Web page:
Forget children, let’s educate the parents
The obsession so many of us have in ensuring our kids get into the best schools is almost perverse; the children will turn out just fine
As a Hong Kong parent, I got a kick out of watching Natalie Portman’s The Other Woman on Netflix recently. One scene rather captures the obsession of rich families in contemporary America with getting their children into the most elite of schools, starting with kindergartens.
The mother, a sought-after gynaecologist, and her ex-husband, a high-powered lawyer, were having a heated argument in front of their primary-school-aged son.
Mother: Will has been so distracted and tense and emotional, I’m sure they sensed that in the interview. He didn’t get in anywhere, not even wait-listed.
Father: It’s not the end of the world.
Mother: It’s not the end of YOUR world. But it’s a disaster for Will… Do you know who took him? West Side Prep.
Father: That’s a great school.
Mother: No, it’s his safety school. Do you know what that is?
They could have been from Hong Kong. Some problems are universal, like education.
In Greenwich, Connecticut, the hedge fund capital of the world, a tutorial lesson may cost up to US$200 an hour. One of the most nerve-wracking rituals in the life of an ambitious American teenager is to apply to top universities. Not only do you have to score top grades, you must prove you are unique leadership material through intense extracurricular activities.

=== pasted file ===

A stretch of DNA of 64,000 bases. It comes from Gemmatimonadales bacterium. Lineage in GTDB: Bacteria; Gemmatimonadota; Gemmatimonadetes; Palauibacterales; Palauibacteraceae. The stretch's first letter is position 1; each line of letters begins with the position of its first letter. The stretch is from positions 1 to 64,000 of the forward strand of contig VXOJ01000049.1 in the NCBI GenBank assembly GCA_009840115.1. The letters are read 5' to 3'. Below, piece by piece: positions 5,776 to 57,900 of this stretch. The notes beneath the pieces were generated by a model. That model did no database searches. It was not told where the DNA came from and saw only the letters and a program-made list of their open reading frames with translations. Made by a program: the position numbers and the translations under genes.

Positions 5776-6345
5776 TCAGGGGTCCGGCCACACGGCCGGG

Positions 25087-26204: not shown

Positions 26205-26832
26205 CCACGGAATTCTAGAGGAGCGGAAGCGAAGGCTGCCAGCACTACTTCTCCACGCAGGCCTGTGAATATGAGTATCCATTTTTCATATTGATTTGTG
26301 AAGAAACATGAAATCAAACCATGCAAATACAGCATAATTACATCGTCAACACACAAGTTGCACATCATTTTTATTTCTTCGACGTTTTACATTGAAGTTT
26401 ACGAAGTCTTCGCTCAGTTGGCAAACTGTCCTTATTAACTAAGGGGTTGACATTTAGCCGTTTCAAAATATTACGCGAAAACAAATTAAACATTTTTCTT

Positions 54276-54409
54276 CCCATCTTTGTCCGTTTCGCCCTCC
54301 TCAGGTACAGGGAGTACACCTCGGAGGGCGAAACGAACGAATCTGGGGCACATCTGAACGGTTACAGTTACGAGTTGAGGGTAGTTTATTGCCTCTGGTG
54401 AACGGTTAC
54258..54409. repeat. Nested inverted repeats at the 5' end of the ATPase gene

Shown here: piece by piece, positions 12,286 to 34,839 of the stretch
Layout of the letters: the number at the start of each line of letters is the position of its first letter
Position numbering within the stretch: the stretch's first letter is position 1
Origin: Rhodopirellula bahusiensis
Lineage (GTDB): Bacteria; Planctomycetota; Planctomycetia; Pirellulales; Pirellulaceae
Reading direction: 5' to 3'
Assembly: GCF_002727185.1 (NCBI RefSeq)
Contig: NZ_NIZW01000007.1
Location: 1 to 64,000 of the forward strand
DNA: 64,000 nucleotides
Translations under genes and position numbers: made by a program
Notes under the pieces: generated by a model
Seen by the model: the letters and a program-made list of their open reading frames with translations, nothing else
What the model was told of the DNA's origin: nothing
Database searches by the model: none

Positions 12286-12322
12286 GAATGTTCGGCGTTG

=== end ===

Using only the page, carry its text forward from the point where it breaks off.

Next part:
Some elite kindergartens in New York are statistically more difficult to get into than Harvard University.
Your economic circumstances dictate a lot about your expectations as a parent. In this new Gilded Age, the elitism of schools will only get worse, no matter where you live. It’s probably a universal condition – whether in Hong Kong, Greenwich or Mumbai – that if you are a young, well-educated and ambitious parent, you will be deeply frustrated with the state education of your child.
Yet, Hong Kong’s education system is not without its admirers overseas; just look at our PISA scores. Still, legions of local parents are convinced we have the worst education system. Should schools be tough or inspiring; exam-driven or creativity-oriented; focus on results or be relaxed about them? These are eternal debates. There are no definitive answers, only dogma, fashionable opinions and the urge to keep up with the Joneses or the Wongs.
Perhaps the most reassuring thought is that your children will turn out more or less as they do, regardless of your education beliefs.